Pros: Good story, decent acting, above average special effects, neat twist ending
Cons: Fairly unrealistic depiction of mental illness and mental hospitals. May be too gory for some.
I stumbled upon Boogeyman 2 (2007) in my travels through my cable provider's movie channels today, and I was pleasantly surprised. I fancy myself a horror movie connoisseur of sorts, having seen hundreds of them since my obsession with the genre started in the early 1990s, and this was better than many I have seen recently.
The plot: The movie opens on the scene of a young girl's birthday party 10 years ago. Young Laura opens her presents and blows out the candles on her birthday cake. Her brother (Henry) is afraid to leave the table to use the bathroom, because he is afraid that he will be attacked by the "boogeyman" in the dark hallway outside the dining room. His father goes to change the lightbulb in the hall, and he is savagely disemboweled by the titular entity -- witnessed, of course, by the young siblings. Mother is found dead, also a victim of foul play courtesy of the same killer.
Flash forward ten years, and Henry (played by Matt Cohen) is checking out of a mental hospital after being successfully treated for his "Boogeyphobia." (Yes, that is really what it is called in the movie.) He meets up with Laura (played by Danielle Savre), and discovers that she has been as traumatized as he was by their parents' murders. She is also terrified of the Boogeyman, and he convinces her to check into the same hospital where he was treated.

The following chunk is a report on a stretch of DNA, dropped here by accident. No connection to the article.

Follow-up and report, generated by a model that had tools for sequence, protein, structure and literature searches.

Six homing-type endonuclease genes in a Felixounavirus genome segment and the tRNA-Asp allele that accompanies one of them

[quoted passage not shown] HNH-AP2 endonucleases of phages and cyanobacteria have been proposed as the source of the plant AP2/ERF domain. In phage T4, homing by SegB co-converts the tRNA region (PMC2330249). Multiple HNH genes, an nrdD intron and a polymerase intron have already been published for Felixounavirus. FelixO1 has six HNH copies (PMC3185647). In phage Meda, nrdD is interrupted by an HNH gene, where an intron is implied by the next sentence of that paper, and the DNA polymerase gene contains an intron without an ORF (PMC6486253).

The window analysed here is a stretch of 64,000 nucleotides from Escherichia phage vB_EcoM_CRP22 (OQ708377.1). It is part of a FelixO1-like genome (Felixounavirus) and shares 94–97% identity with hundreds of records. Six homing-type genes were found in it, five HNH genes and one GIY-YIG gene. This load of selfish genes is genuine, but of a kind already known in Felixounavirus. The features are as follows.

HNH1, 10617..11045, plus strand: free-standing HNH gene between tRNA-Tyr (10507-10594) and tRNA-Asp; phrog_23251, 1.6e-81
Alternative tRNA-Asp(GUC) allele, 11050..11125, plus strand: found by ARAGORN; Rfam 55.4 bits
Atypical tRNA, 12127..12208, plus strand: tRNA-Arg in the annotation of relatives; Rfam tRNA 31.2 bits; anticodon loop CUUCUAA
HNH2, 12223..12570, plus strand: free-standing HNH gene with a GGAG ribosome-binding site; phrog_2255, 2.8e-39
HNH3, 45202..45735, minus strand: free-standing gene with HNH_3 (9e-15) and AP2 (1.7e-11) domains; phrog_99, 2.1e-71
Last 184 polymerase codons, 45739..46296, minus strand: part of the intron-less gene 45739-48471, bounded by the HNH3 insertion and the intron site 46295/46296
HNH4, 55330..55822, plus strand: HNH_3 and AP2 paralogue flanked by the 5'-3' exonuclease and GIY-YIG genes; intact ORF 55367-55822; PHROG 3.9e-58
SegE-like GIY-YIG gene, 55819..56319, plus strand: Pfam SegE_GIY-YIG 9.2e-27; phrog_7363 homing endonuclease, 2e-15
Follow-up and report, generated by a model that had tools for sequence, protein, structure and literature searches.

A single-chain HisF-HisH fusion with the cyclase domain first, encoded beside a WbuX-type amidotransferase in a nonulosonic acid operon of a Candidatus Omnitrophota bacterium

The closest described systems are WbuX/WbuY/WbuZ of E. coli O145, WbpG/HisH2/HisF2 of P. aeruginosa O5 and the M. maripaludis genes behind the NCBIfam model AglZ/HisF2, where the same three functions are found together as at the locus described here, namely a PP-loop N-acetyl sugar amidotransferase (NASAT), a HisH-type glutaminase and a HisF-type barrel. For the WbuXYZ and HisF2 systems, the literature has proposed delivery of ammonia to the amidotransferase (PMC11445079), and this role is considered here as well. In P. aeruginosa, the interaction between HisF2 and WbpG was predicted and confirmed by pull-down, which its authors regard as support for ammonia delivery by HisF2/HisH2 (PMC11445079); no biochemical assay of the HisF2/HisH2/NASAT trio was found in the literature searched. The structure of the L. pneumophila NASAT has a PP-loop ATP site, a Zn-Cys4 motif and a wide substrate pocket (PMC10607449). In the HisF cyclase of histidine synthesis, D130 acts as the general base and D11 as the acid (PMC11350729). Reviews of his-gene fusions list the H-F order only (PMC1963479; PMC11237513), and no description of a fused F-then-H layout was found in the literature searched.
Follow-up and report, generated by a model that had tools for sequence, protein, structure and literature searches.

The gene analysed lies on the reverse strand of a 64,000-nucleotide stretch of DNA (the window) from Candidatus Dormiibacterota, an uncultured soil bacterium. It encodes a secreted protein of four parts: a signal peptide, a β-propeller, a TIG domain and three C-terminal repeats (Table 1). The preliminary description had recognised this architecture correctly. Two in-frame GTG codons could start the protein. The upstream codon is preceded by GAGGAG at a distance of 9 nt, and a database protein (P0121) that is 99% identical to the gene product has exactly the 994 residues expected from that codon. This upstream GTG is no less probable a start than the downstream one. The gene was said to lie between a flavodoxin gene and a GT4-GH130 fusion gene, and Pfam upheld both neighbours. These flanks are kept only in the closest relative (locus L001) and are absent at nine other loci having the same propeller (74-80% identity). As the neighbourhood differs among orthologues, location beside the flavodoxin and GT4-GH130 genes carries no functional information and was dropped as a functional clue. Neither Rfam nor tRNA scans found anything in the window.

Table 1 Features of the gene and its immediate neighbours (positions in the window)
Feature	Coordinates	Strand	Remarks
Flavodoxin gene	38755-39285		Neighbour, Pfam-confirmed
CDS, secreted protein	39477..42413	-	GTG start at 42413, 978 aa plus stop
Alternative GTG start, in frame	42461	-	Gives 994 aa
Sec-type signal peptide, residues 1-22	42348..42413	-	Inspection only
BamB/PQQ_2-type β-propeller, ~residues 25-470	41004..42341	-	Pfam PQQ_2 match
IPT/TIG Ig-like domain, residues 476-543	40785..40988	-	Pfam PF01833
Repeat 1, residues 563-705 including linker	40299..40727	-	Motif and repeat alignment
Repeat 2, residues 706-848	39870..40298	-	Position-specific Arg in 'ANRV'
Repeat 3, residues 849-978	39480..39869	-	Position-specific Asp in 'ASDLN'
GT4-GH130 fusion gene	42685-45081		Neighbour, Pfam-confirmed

Laura joins a therapy group whose members include: a germaphobe; a bulimic; an agoraphobe; and a "cutter" (self-mutilator). The group is led by Dr. Jessica Ryan (Renee O'Connor) and supervised by Dr. Allen (Tobin Bell, of "Saw" fame). The purpose of the group is to get the patients to confront and overcome their darkest fears. Jessica is convinced that the Boogeyman is real, while Drs. Ryan and Allen try to convince her that he is not -- her belief in him is just residual trauma from having witnessed her parents being murdered. (Just like the old "It's just the wind" cliche in old haunted house movies.)
Naturally, the Boogeyman starts appearing, and people start dying. But who is responsible? Is he a supernatural figure, or is he one of the staff or patients? Therein lies the mystery. I had it figured out about halfway through, but it is still fun.
For horror movie buffs, there is a lot of really good gore in this movie. The writer and director got pretty creative with some of the death scenes, and the special effects were a little shocking at times. In one scene, a beating heart is ripped from someone's chest... In another, a person is pretty much eaten alive (from the inside out) by insects. Yeah, pretty gruesome stuff, but very well done.
This is actually a pretty decent horror flick. The acting is passable; there is a neat little mystery to it; and the special effects and gore are above average. The movie was just the right length, too. I have noticed that a lot of horror movies spend the first half hour or 45 minutes building up to the first death scene; however, that is not the case with Boogeyman 2. The story gets moving almost immediately, and it moves right along until the climax.
I have seen all three Boogeyman films, and this might be the best of the trilogy. Lots of scares, lots of nastiness -- much better than I expected.